Despite a quarter in which Bank of America’s overall income declined 39%, its wealth and investment management business surged, led by BofA Merrill Lynch.
In fact, of the Charlotte, N.C., banking company’s six business units, only wealth and investing reported revenue growth from a year earlier. BofA Merrill led the way as its revenue rose 18% and client balances increased 7%.
Armed with stronger deposit growth, higher fee-based income and lower credit costs, BofA’s global wealth and investment management net income increased 22% from a year earlier. Revenue rose 11% to $4.5 billion.
The company reported that this was the strong quarter for BofA Merrill since the acquisition was completed as the unit set records for revenue, asset management fees and brokerage income. In addition, the global wealth and investment management unit more than doubled long-term asset management flows and added 184 financial advisors since the end of 2010 through a combination of new hires and high advisor retention rates.
At the end of the first quarte, the number of Financial Advisors totaled 15,695, and the total number of wealth advisors was 17,201, both up 3% from a year earlier.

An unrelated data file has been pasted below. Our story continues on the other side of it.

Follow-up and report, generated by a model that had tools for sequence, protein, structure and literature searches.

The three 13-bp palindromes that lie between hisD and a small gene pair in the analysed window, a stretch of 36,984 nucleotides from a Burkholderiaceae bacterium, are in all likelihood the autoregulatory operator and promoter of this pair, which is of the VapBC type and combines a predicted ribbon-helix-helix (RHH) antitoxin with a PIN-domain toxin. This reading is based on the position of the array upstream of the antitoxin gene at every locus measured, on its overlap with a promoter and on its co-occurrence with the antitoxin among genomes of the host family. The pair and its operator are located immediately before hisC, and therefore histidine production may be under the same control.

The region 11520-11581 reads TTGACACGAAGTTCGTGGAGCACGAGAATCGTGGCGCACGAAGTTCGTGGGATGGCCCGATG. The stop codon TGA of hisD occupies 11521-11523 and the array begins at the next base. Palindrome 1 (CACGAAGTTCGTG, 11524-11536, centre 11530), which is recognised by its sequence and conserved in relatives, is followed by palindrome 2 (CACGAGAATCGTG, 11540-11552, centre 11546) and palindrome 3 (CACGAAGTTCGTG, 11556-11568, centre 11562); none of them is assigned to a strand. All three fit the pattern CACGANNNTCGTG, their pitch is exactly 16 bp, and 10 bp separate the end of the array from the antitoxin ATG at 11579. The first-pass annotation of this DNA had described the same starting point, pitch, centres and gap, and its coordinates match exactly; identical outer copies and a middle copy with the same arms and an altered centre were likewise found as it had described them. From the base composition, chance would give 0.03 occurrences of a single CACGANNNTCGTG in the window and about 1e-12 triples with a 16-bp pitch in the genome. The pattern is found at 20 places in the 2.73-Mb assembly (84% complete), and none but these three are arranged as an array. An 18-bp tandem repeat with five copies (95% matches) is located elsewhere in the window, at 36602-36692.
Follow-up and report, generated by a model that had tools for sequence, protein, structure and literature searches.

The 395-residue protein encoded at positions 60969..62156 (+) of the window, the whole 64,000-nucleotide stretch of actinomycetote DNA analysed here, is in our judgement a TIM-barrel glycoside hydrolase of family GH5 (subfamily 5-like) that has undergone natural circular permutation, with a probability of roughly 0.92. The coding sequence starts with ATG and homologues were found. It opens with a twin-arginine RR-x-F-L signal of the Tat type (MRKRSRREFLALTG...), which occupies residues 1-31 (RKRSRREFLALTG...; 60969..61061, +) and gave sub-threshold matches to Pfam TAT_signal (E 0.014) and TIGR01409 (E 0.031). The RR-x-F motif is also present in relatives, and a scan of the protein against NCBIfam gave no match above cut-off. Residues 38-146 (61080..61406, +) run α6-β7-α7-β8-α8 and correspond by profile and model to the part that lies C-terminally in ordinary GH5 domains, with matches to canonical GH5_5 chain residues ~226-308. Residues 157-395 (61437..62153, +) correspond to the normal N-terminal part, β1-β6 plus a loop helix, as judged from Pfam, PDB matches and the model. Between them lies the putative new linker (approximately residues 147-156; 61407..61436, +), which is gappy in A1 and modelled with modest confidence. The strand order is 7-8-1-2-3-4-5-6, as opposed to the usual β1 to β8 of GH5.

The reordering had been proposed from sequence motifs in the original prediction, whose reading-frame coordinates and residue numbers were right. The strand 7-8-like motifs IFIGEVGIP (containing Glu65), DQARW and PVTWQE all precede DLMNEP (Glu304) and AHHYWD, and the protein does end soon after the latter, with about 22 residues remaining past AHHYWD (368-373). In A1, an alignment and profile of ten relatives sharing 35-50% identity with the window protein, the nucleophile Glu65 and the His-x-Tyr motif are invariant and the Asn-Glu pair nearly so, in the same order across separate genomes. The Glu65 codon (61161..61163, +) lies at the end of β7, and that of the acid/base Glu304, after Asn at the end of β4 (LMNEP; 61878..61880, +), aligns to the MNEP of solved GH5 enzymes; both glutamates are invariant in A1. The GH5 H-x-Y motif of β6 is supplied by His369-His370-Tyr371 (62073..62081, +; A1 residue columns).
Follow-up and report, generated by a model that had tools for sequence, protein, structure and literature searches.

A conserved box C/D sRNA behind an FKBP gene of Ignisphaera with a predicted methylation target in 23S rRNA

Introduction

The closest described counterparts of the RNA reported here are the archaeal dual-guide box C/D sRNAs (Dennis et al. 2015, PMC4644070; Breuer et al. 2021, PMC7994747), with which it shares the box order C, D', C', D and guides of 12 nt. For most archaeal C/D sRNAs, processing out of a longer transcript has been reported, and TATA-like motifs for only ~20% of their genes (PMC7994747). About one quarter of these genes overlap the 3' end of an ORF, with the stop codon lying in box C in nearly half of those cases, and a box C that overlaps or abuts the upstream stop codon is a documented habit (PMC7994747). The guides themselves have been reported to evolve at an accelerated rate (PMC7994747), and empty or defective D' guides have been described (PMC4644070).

Bank of America Merrill Lynch ranked No. 2 in both global and U.S. investment banking fees for the first quarter of 2011 with a market share of 7.9% and 12.3%, respectively, according to Dealogic. The global market share improved by 1.6 percentage points from previous quarter and was the largest increase among the top 15 banks, according to Dealogic.
Bank of America Merrill Lynch gained market share in global and U.S. fee pools from the previous quarter and ranked in the top three globally in leveraged loans, asset and mortgage-backed securities, investment grade corporate debt, syndicated loans, high-yield corporate debt and common stock underwriting.
The parent company suffered through a quarter in which its reported higher costs related to its mortgage business and higher litigation expenses as it also set aside more money to cover bad loans.
BofA reported Friday it earned $1.7 billion, or 17 cents per share, falling short of analysts expectations by 11 cents, and revenue fell 15.97% to $26.9 billion from a year earlier.
BofA also announced Friday that Bruce Thompson, its chief risk officer, will replace Chuck Nsoki as its chief financial officer. The company said that Noski, who was named vice chairman, couldn't move to Charlotte to handle the CFO responsibilities because of an illness of a close family member.